|Michael Gilligan||29/10/2020 23:44:32|
16616 forum posts
Just found this : **LINK**
... more technical detail and less hype than most sources.
Edit: also this ... https://www.wood-database.com/swamp-ash/
and this endgrain photo of [Black] Ash shows how unlike MDF it really is !!
Edited By Michael Gilligan on 30/10/2020 00:00:31
|John Olsen||30/10/2020 03:05:45|
|1104 forum posts|
Jimi Hendrix made item 6. a deliberate part of his performance.
I had a discussion along the lines of this one with a workmate who played electric guitar. He was quite emphatic about the importance of the shape of the body of an electric guitar, a factor which I suspect actually makes very little difference. i can see it being quite important for an acoustic guitar of course.
The reason I mentioned double blind tests above is that the way people feel about these things seems to have a much greater effect on their opinions than any measurable difference in the sounds. So it is important to try to eliminate any bias, by performing tests where neither the listener, or the performer, or the person running the tests, knows which variable is being changed for each test. I think you can readily see the difficulty of actually doing that!
There was a test done many years ago, in the vacuum tube/valve days, where they set up a room with a divided off corner in it. It had something like loudspeaker grill cloth across it, and behind that could have various boards and stuff added to give different frequency responses. There was room behind for a performer or even perhaps a small chamber group. Or of course you could put a loudspeaker behind there and perform pre-recorded music. The result that they found was that people preferred to have their live music filtered to have the same sort of abysmal frequency response that they got from recorded music of the time, the actual live stuff was too bright and trebbly. The takeaway from this is that people prefer what they are used to, not what is technically better or closer to the original sound. Psycho-acoustics has more to do with psychology than it does to do with acoustics!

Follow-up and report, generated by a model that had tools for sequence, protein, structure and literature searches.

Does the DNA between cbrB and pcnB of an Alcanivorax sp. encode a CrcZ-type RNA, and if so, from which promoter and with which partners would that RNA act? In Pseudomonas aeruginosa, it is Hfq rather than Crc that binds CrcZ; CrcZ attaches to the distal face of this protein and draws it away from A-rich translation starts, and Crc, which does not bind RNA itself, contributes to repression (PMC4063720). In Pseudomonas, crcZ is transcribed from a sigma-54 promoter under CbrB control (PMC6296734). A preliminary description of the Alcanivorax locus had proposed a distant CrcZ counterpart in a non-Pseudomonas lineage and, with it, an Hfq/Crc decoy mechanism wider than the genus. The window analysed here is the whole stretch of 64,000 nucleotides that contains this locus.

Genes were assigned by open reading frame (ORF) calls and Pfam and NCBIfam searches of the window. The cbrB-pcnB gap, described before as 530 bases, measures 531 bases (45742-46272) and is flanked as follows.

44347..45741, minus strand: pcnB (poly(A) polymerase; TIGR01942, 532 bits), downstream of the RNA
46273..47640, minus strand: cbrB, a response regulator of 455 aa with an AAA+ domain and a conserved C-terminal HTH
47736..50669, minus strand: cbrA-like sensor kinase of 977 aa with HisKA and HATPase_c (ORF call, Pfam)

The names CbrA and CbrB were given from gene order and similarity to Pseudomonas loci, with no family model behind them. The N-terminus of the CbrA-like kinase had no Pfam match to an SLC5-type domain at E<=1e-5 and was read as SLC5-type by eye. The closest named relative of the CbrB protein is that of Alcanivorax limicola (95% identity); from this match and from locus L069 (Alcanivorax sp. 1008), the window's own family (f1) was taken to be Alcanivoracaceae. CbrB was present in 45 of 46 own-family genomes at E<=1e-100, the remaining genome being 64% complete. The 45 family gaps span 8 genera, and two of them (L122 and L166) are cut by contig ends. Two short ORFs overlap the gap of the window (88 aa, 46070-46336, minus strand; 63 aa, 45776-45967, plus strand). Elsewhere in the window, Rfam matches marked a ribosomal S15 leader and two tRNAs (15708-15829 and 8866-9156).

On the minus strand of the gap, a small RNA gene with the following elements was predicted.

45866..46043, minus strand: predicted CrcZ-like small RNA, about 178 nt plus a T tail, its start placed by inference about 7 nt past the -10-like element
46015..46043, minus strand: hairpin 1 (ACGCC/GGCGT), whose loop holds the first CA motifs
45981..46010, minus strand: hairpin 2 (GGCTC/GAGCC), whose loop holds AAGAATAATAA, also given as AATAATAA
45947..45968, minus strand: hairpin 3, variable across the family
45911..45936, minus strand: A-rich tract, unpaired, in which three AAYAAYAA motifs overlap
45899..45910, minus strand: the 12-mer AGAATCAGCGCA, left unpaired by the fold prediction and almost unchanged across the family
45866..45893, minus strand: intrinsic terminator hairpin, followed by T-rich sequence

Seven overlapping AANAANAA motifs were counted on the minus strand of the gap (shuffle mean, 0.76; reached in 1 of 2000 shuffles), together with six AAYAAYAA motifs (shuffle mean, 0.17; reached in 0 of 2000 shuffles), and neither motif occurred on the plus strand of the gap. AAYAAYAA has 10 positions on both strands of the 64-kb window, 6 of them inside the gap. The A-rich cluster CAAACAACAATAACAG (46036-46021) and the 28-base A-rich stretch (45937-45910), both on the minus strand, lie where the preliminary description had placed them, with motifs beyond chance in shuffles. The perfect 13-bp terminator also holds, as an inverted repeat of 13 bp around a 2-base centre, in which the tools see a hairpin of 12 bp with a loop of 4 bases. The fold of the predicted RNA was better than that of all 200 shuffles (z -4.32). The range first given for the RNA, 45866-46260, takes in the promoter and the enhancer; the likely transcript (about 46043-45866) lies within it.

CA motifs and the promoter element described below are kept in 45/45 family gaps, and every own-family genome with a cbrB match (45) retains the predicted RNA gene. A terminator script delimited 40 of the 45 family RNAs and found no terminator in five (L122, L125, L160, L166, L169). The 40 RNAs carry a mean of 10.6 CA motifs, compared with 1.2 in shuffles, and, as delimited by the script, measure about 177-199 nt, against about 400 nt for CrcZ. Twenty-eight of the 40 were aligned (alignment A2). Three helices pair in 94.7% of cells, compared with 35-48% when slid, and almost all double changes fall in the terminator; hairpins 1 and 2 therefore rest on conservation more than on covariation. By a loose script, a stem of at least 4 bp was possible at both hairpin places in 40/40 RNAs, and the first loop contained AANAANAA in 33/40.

6440 forum posts
Blind tests of old versus new high-end violins have been done at least twice and aficionados find it difficult to accept the results. The mental gymnastics they resort to in order to refute the awful truth is quite fun.
In blind tests professional musicians and a lay audience are equally unable to identify old from new violins, and their answers are no better than a randomised selection (ie throwing a dice such that 1,2,3 decides old, and 4,5,6 = new.) Asked to identify blind which instruments they preferred, professional and lay audiences both liked modern violins more. Reason may be modern violins are slightly louder than old ones, it's not because they strike quality notes.
Naturally people who take music seriously like to think it involves special skill and appreciation, and that 'quality' is improved by psuedo-scientific advertising, fancy engineering, exotic materials, decoration, finish, and finding other devotees to confirm their beliefs.
Buying equipment to change the character of music is a danger sign. Even twiddling a tone control means the owner thinks he knows better than the composer, musicians, and sound-engineer who produced the original! Actually, changing the colour of music to suit oneself is respectable. But don't imagine your opinion and set-up is somehow better; music is highly subjective - no-one is right. Look how upset each generation is when their 'good' music is displaced by modern rubbish!